Well, that’s the deal with the latest Keanu Reeves movie. You can tell they threw a lot of money at it. They took this simple, low-budget little sci-fi movie from the 1950’s and made it big and bold, with lots of CGI, and all this money did not add one ounce of anything worthwhile to the movie.

American Movie Classics (AMC – remember when they used to show movies uncut and uninterrupted? Now they have tons of commercials and stupid game shows in between the segments – just show the damn movies!!) happened to show the original film with Michael Rennie the night before (it had been a lot of years since I last saw it), and so it was fresh in my mind when I went to go see the remake.

It just made sitting through the new version all that more painful.

First of all, let’s talk about the cast. You’ve got Keanu Reeves, who is wooden and emotionless here. He always does that well. That’s why he was so good as Neo in those MATRIX movies. He’s great when he doesn’t have to act and he can make it look like he’s doing it on purpose. Well, here he gets to play Klaatu, a man from outer space, so once again he’ll get away with bad acting. Everyone is going to say he was terrific in this role. But the more I thought about it, the more I realized his performance was actually all wrong, and pretty damn awful. I’ll get back to that in a moment.

Jennifer Connolly plays the scientist who befriends Klaatu and helps him get away from the government types who want to keep him a prisoner. She’s a good actress, but she’s totally wasted here as Keanu’s sidekick. Half the movie she’s his chauffer, driving him to a McDonald’s and out into the woods so he can be all mysterious. Poor girl. But whenever she’s onscreen those eyes of hers hypnotized me into thinking THE DAY THE EARTH STOOD STILL wasn’t a total waste of time. Then she’d be off-screen and I’d come back to my senses.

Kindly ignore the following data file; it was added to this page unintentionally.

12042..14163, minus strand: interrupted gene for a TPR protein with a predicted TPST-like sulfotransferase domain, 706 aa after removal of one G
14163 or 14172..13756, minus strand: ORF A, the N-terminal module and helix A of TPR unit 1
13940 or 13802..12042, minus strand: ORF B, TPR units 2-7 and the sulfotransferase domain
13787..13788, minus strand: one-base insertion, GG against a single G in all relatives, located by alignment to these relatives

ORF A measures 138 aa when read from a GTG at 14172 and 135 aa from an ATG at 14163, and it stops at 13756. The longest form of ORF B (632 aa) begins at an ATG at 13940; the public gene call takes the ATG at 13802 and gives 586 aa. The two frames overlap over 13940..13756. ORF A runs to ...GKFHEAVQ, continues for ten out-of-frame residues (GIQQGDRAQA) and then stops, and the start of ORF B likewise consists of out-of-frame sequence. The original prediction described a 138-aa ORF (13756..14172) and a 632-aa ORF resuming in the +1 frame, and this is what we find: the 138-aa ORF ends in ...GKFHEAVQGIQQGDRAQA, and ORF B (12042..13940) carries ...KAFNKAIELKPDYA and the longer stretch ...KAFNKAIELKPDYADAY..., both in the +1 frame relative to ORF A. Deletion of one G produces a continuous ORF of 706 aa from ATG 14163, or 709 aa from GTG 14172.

Then you have Will and Jada Smith’s little darling Jaden as Jennifer Connolly’s stepson. Why is this kid in so many movies lately? He’s exactly the kind of pouty, annoying kid who thinks he’s turning on the charm, when all he’s doing is making whatever movie he’s in really sappy. And someone give this kid a haircut, before he turns into Cousin Itt from the Addams Family! Now Haley Joel Osment was a kid who could act. Why did Haley Joel have to grow up? Now we’ve got cutesy brats like Jaden Smith.

There are a lot of better actors in smaller roles, like Jon Hamm (from TV’s MAD MEN – which, just so happens is also on AMC – so the channel isn’t all bad now) as one of Connolly’s fellow scientists, and Robert Knepper (T-Bag from PRISON BREAK) as a general. Even the terrific John Cleese has a small role where he’s pretty much wasted as the brainiac scientist who was played by Sam Jaffee in the original movie (they even keep the professor’s blackboard with its formula, so Klaatu can fix it, like the original – which just made me pine for the original all the more).

Then we come to Gort, the robot. He’s one of the main attractions of the original movie. And sure, in that one he was a seven foot guy in a rubber suit painted silver, but he was still pretty cool. Here, he’s much bigger and made with CGI effects, and wouldn’t you know it, he looks even more fake now, and I prefer the old rubber suit. And what’s with Gort turning into magic dust later in the movie – whose idea was that? Giant swarms of metal bugs (actually nano-robots) hovering over the city, instead of a cool cyclopean robot. Who thought that was more dramatic? It reminded me of the wind chasing everyone in M. Night Shyamalan’s THE HAPPENING. Was he a consultant on this movie?